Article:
I’m sure most of you have heard about this. For those who haven’t, a quick recap.
On September 14, Jane of Dear Author wrote a blog post titled The Curious Case of Ellora’s Cave. She outlined the history behind the company – praising them for being one of the first e-publishers to offer authors and readers erotica-type content – then related news of their slow decline in management and business practices. Per Jane’s article and the subsequent comments from EC authors, editors and cover artists: authors and sub-contractors haven’t been paid in a timely manner; royalty checks are at an all-time low and Tina Engler/Jaid Black, the founder and owner of the company has been taking shopping trips, buying new property and looking into starting new ventures (this, apparently, from her Facebook page, Twitter stream and personal blog).
EC is suing Jane and Dear Author for defamation, claiming what Jane wrote in her blog post was false. I am not a lawyer. I don’t claim to understand a whole lot about the law in general and defamation in particular, but my basic understanding is that in order for EC to win this suit they have to prove that what Jane said – their authors/cover artists/vendors/editors/tax liens/etc not being paid – isn’t true. In order to do that, I would assume they’d have to provide company records, financial statements, etc. I may be mistaken about that, so don’t take my word for it, but I do know part of a defamation suit is proving what was said was untrue and that the untrue statements hurt the reputation of the one filing. So how else would they prove what she said wasn’t true but opening up their records for public scrutiny? Even worse, however, is that EC is demanding the anonymous commenters’ true names be revealed.
Here’s the thing, though. This suit isn’t about EC’s reputation. Not really. It’s about is instilling fear in a community of authors and bloggers. Engler has been rumored to be notoriously vindictive when it comes to authors speaking out against her company. As bloggers, we’re often threatened by authors when we write bad reviews/report about the goings-on with the community, etc. That’s a scary thing for those of us who aren’t lawyers and don’t treat our sites as a business venture, but rather a hobby. I don’t know about you, but spending thousands on a legal battle isn’t my idea of a good time. Especially since this site doesn’t make any money on its own.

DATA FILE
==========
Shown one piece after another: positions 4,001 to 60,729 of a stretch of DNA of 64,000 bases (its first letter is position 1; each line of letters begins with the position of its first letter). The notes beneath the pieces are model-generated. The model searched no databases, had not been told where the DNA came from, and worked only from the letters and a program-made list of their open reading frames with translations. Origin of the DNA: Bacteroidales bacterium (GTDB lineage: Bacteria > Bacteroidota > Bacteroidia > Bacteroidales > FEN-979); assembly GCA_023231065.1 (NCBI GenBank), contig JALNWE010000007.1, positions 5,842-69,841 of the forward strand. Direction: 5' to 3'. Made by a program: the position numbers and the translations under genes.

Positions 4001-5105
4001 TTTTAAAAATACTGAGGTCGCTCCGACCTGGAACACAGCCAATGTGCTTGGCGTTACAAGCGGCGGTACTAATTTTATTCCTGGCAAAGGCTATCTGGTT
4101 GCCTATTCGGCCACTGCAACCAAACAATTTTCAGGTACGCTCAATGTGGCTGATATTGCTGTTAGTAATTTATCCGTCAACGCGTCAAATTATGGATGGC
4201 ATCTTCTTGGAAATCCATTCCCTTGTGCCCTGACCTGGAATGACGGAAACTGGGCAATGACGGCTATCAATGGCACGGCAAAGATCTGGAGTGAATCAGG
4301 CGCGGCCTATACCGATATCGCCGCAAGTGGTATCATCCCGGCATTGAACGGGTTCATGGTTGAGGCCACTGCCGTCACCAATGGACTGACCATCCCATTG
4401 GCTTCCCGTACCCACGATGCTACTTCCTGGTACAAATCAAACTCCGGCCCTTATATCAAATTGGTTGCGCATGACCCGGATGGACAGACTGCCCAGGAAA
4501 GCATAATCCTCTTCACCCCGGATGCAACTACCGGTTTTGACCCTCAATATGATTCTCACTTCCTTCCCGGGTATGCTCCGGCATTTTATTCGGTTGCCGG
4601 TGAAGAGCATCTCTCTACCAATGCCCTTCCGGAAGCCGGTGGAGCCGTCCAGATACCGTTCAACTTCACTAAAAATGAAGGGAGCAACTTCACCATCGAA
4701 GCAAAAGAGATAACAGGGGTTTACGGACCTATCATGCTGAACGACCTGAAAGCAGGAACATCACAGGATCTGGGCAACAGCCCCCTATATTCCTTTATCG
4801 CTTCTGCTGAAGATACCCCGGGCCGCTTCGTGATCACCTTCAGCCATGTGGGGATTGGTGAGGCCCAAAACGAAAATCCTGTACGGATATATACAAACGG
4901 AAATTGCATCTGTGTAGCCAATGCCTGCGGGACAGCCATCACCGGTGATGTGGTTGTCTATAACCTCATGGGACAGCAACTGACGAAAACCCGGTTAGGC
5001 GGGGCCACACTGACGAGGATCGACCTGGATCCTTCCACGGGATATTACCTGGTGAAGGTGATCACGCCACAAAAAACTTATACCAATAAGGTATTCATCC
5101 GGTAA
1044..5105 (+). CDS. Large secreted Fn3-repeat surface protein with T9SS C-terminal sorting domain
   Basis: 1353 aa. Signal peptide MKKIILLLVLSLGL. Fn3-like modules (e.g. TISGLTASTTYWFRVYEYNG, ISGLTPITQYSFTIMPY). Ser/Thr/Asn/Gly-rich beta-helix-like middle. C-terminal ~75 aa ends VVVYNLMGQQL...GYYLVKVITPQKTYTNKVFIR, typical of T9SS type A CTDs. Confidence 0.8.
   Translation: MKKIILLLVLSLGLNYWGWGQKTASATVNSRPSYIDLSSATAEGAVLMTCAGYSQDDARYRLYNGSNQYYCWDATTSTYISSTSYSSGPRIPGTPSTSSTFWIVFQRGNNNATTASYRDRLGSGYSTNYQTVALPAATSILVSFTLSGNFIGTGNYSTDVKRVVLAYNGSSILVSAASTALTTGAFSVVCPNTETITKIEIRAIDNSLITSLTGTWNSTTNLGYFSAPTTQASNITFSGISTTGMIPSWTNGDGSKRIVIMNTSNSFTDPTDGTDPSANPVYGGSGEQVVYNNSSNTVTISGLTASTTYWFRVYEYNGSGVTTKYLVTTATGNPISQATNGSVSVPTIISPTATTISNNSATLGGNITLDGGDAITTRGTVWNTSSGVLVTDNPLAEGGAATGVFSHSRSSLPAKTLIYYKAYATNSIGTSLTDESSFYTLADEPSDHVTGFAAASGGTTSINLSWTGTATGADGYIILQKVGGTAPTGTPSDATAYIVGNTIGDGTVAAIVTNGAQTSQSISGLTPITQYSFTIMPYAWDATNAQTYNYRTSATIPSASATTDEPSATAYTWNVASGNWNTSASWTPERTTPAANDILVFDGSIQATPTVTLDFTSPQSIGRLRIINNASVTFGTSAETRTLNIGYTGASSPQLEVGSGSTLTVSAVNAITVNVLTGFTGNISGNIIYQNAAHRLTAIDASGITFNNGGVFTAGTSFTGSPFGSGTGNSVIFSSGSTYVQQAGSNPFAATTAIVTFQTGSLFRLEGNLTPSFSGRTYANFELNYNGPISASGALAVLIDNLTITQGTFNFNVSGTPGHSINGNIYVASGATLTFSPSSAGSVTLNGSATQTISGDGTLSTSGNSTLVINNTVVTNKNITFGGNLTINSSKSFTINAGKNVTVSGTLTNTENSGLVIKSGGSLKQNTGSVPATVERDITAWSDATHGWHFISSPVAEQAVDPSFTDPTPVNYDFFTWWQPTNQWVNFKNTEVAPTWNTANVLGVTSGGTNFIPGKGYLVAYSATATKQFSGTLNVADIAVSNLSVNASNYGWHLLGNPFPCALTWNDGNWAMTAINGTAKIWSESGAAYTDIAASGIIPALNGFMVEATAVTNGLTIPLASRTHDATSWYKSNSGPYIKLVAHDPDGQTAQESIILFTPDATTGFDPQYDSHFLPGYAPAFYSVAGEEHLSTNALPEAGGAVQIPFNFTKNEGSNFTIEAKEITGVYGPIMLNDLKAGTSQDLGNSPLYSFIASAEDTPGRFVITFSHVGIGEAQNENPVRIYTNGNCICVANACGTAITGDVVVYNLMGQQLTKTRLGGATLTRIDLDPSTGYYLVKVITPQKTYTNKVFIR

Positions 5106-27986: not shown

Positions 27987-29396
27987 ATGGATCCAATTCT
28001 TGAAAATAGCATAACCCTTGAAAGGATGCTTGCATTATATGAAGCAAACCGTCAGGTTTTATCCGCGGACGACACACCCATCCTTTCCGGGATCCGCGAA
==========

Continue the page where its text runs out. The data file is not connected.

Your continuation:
The Chilling Effect, defined by Wikipedia as:
In a legal context, a chilling effect is the inhibition or discouragement of the legitimate exercise of natural and legal rights by the threat of legal sanction.
Basically, I think EC filed this lawsuit as a scare tactic. They want bloggers and their authors/staff to be scared of speaking out against them. Sunita wrote a post about it that goes into more detail, but essentially EC is saying “we’re watching you”. As Sunita says in her post:
EC picked the wrong person to sue, no question. But by filing at all, they’re also reminding their authors and editors that they have no compunction about publicizing the personal information of anyone they see as an adversary. It’s not necessary to sue an individual person in this case; suing Dear Author LLC would have taken care of their needs.* But it wouldn’t have sent the same “we know who you are” message. EC has already stipulated in internal communicationsthat authors “include both legal name and pen name when communicating with Ellora’s Cave.” This just ups the ante.
Author Courtney Milan wrote about not being cowed by EC and their tactics. In her post, On Limited Purpose Public Figures #notchilled, she discusses the effect this lawsuit has already had in terms of the Chilling Effect and says she is Not Chilled (#notchilled).
Jane has hired a lawyer and plans to fight this. I say good for her. Good for all of us. We shouldn’t be silenced. We shouldn’t be afraid that speaking out about a publisher or author will result in the worst possible outcome. We’re saying we won’t be silenced and we hope you won’t be either.
Today Jane asked for a bit of help. If anyone who worked for or with EC has any information they’re willing to share, please contact her.
Also, if you’re an EC author, be sure to take a look at the Ellora’s Cave Author Exodus Support Thread, hosted by author Deirdre Saorise Moen.
For those interested in following the story, here’s a compiled list of links detailing the troubles at EC and the coverage of the suit against DA.